Background of Socialism and Marxism
Communism are more accurately called
economic and social systems rather than political systems.
However, the real world application of the economics behind
socialism and communism requires a particular form of
government able to support it.
Early socialists wanted to create self-sufficient
communities where everyone owned everything together, and
where no one was left in need of anything. In other words,
all property and work was shared for the benefit of the
entire community. Socialists believed that if there was no
money and everyone's needs were met, war and fighting would
a German living in London, England, and
Friedrich Engels wrote
The Communist Manifesto to explain their ideas.
In it, Marx and Engels claimed that all of history was a
continuous struggle between people who had material goods
and wealth, and people who did not have any (the "haves" vs.
the "have nots"). They also said that
economic system in which factories and businesses are owned by
private individuals or corporations, took advantage of the
working class, and, therefore, should be abolished.
Marx and Engels believed that all over Europe the working
proletariat, would overthrow the
capitalist system and form their own governments in response
to capitalist abuses. Further, they thought that such
governments would create a classless society in which all
wealth and power would be shared equally among all people.
Communist Revolution, as predicted by Marx and Engels,
did not occur. What neither man had considered, was that
nationalism, a feeling of intense pride and devotion to one's
country, was even stronger than the desire to be free from
The Union of
Soviet Socialist Republics (U.S.S.R.) / Soviet Union
the first time Communists successfully overthrew an
established government, it was not even a capitalist one.
Russia, in 1917,
V.I. Lenin and Leon Trotsky led a group of
socialist revolutionaries called
Bolsheviks, in a coup
Czar Nicholas II. Lenin promised the people
"peace, land and bread," but used secret police and brutality
to create a one-party government where the Communist
Party, and not the people, had the ultimate power.
Josef Stalin, turned Russia, now called
Soviet Union, into a
Every aspect of people's lives was controlled by the
government. To strengthen its control,
economy, where government officials made all economic
decisions, was put in place by the Communist Party.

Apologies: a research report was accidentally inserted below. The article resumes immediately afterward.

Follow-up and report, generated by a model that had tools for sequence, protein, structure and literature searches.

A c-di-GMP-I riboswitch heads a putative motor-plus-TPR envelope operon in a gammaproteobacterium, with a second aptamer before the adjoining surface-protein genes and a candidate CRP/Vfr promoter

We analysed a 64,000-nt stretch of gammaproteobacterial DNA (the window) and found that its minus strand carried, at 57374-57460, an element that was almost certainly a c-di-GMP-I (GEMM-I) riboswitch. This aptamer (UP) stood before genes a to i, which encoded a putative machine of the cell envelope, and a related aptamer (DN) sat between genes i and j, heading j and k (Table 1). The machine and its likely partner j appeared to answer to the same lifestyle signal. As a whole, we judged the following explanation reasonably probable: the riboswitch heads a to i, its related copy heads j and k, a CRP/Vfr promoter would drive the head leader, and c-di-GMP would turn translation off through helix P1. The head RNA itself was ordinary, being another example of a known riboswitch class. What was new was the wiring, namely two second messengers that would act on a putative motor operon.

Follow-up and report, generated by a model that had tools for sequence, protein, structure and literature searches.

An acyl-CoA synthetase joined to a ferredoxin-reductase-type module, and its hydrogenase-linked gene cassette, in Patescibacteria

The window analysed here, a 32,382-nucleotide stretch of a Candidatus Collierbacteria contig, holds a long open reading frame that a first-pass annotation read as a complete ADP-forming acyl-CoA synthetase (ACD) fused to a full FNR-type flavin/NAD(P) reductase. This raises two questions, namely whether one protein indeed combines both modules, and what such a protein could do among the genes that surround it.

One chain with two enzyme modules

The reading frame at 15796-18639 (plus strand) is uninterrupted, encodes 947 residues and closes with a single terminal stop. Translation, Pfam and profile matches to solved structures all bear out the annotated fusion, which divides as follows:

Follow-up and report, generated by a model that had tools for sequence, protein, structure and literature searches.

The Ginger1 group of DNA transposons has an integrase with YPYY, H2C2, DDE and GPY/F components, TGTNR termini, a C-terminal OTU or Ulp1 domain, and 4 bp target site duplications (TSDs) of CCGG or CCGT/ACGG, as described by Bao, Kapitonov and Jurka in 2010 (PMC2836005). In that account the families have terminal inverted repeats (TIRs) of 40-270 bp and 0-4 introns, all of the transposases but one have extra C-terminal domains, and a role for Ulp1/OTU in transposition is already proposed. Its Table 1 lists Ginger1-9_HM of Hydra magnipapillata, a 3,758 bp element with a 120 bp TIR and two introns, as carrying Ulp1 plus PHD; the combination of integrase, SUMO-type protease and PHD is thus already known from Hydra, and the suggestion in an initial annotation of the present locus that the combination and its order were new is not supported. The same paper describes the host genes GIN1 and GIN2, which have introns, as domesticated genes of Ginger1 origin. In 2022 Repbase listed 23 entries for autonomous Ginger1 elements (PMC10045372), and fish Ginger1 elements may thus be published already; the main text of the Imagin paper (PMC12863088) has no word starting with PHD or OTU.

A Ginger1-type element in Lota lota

Stalin forced peasants to give up ownership of their land
and live on government-owned farms called collectives.
On a collective farm, all animals and equipment were owned
by the state. The government controlled the prices
paid to the farmers for their products, and forced them to
quotas, or production goals.
Stalin also tried to spur industrial production, hoping to
catch up to the United States as a world superpower.
People who refused to give up their factories
and businesses and become workers of the government, or
conform, were arrested and sent to prison.
Tens of millions of political protesters, uncooperative
peasants and Stalin's personal enemies disappeared forever.
Republic of China
As in Russia, the
revolution in China was not one of workers vs.
owners, but one of imperial government vs. poor starving
peasants who felt that government had abandoned them.
After years of
civil war, China became a Communist nation in
1949. The newly communist China looked to the Soviet Union for
leadership, but quickly turned in a different direction.
leader of the Chinese Communist Party,
Mao Zedong, wanted to
transform China from an agricultural society into a modern
industrial power. Mao undertook a number of programs in
order to achieve his goal. He created
Chinese version of the Russian collective, tried to renew
Chinese culture. He also launched a series of agricultural and
industrial production initiatives, and improved the social
standing of women.
In both China and the Soviet Union, human rights
were overlooked in the effort to create a strong Communist
nation. Tens of millions of dissenters, people who
strongly disagree with a policy or idea, were killed. In each
county, the goal of turning previously agricultural nations
into powerful industrial giants only led to famine and further
suffering for the general populace because of popular
resistance to government policies.
Both China and the Soviet Union created something very
different from the socialist utopia envisioned by Marx
and Engels in 1848. Mao and Stalin transformed
their nations from absolute monarchies into totalitarian
states with command economies. In both cases, private
citizens ended up in even more strictly controlled societies,
where personal freedoms were severely restricted, and most
people feared to speak out against government corruption or
The Soviet Union fell apart in 1991 after most of its
satellite states regained their independence. China is
still controlled by a communist government.